It’s that time of year again and the USenate election looks pretty interesting and competitive this year. Sophomores Ramis Wadood, Daniel Liss, and Daniel Stone are running alongside junior Michael MacKay and freshdude Jacob Johnson. The debate ranged the topics of Quality of Life surveys, Title IX, course evals, accountability and more. It was definitely an interesting debate and we are thankful to have had Satow Room Chief Joe Milholland cover it for us.
• Ramis Wadood, a sophomore who has been the class of 2016 president for two years, talked about his previous work with the Honor Code, dining, the Coalition Against Sexual Violence, mental health, and his current status as a University Senate staffer. He wants improvements to mental health services, an increase in “academic resources,” improvements to the open course registration, more time for students to work at Avery, NoCo, and Butler, and to bring the Manhattanville discussion to students.
• Jacob Johnson, a freshman who has run for University Senate before, said the University Senate “is not so much a governing body, as a service organization.” He wants “shorter, more specific specific, more frequently offered quality of life surveys,” and a “Senate Rule” that would make the Senate vote on any “measure that receives a very strong, one-sided response from students in the frequent surveys.”
• Michael MacKay, a junior, has worked with the visiting student program, community impact, and the Kingsmen. He says he is “the only candidate with a concerted effort for improving our technological systems.”
• Daniel Liss, a sophomore who is currently CCSC’s alumni affairs representative, talked about his alumni mentorship program, his work on Grades@CU, and his creation of the proposal “that allows students to vote for candidates without parties.” He wants to work on “increasing access to alumni” and career placement by getting internships that are only for Columbia students.
• Dan Stone, an editor and writer for The Lion and The Blue and White, wants a student trustee, open meetings for meetings that relate to Columbia College students, and “ensuring that college senators report back to their constituents.”
The first question was about how the candidate was the best to get things done:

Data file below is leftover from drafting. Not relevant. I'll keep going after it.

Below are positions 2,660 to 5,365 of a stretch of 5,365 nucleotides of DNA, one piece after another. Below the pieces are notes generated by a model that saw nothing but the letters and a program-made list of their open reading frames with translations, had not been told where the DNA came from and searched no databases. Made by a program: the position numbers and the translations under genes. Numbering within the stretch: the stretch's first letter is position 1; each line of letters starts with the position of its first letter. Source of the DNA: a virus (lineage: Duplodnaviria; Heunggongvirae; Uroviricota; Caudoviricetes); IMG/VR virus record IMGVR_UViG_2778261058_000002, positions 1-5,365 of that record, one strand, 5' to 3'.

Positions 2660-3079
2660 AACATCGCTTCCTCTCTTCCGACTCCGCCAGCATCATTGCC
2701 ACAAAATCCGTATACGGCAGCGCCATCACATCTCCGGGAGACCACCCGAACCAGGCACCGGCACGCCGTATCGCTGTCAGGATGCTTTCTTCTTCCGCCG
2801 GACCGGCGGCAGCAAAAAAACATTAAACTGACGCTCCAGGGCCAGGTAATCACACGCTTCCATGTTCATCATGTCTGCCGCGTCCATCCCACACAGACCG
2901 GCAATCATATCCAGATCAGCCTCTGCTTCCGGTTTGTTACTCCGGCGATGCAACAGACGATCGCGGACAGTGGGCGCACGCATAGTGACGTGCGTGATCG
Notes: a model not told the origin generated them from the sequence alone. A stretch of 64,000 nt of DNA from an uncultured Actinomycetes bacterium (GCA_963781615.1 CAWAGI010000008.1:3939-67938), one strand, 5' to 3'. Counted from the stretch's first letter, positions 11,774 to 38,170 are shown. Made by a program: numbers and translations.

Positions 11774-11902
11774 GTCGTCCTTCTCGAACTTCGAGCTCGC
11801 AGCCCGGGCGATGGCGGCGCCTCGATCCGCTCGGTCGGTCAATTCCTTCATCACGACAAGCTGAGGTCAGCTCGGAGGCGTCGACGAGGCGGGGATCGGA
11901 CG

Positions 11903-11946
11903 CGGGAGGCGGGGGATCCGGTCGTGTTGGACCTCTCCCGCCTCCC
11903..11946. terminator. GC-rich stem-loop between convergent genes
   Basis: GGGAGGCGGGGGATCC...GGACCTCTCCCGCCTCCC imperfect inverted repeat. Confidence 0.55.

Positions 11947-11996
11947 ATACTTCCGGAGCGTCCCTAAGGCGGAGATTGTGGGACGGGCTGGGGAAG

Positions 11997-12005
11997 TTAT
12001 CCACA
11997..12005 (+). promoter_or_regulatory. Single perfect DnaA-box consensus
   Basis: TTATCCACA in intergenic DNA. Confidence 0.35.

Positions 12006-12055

• Stone talked about his desire “to challenge the status quo” by discussing more issues of “substance” during Senate Plenaries and his understanding that surveys don’t “do a lot.”
• Liss said he has already done work on alumni outreach and career placement, like with career mentorship.
• MacKay talked about his work with community organizations and his desire for “a new, comprehensive strategy” in the University Senate.
• Johnson emphasized that a single senator could accomplish little in the whole senate and the group needs a “realistic understanding of ways we can create change through committees.”
• Wadood talked about his work as a staffer on the Student Affairs Committee and the Chair of the Executive Committee. He said this experience would counter the “very steep learning curve” of the Senate.
The second question was about the Quality of Life survey
• Johnson reiterated his plan for shorter and more frequent quality life surveys and voting on things that get a strong response.
• MacKay said the major problem with the quality of life surveys was “apathy” and that it was “unwise to put too much emphasis on quality of life surveys.”
• Liss said it was an “important initiative” but it “sucked a lot of oxygen out of the Senate.” He wants the Senate to work on issues more relevant to students, like divestment and sexual assault that students had to take up for themselves.
• Stone called the Quality of Life survey a “big waste of time.” He said “it might really look good on consulting interviews, but I don’t think it really looks good for Columbia College students.” He said the survey would bring “nothing other than the obvious.”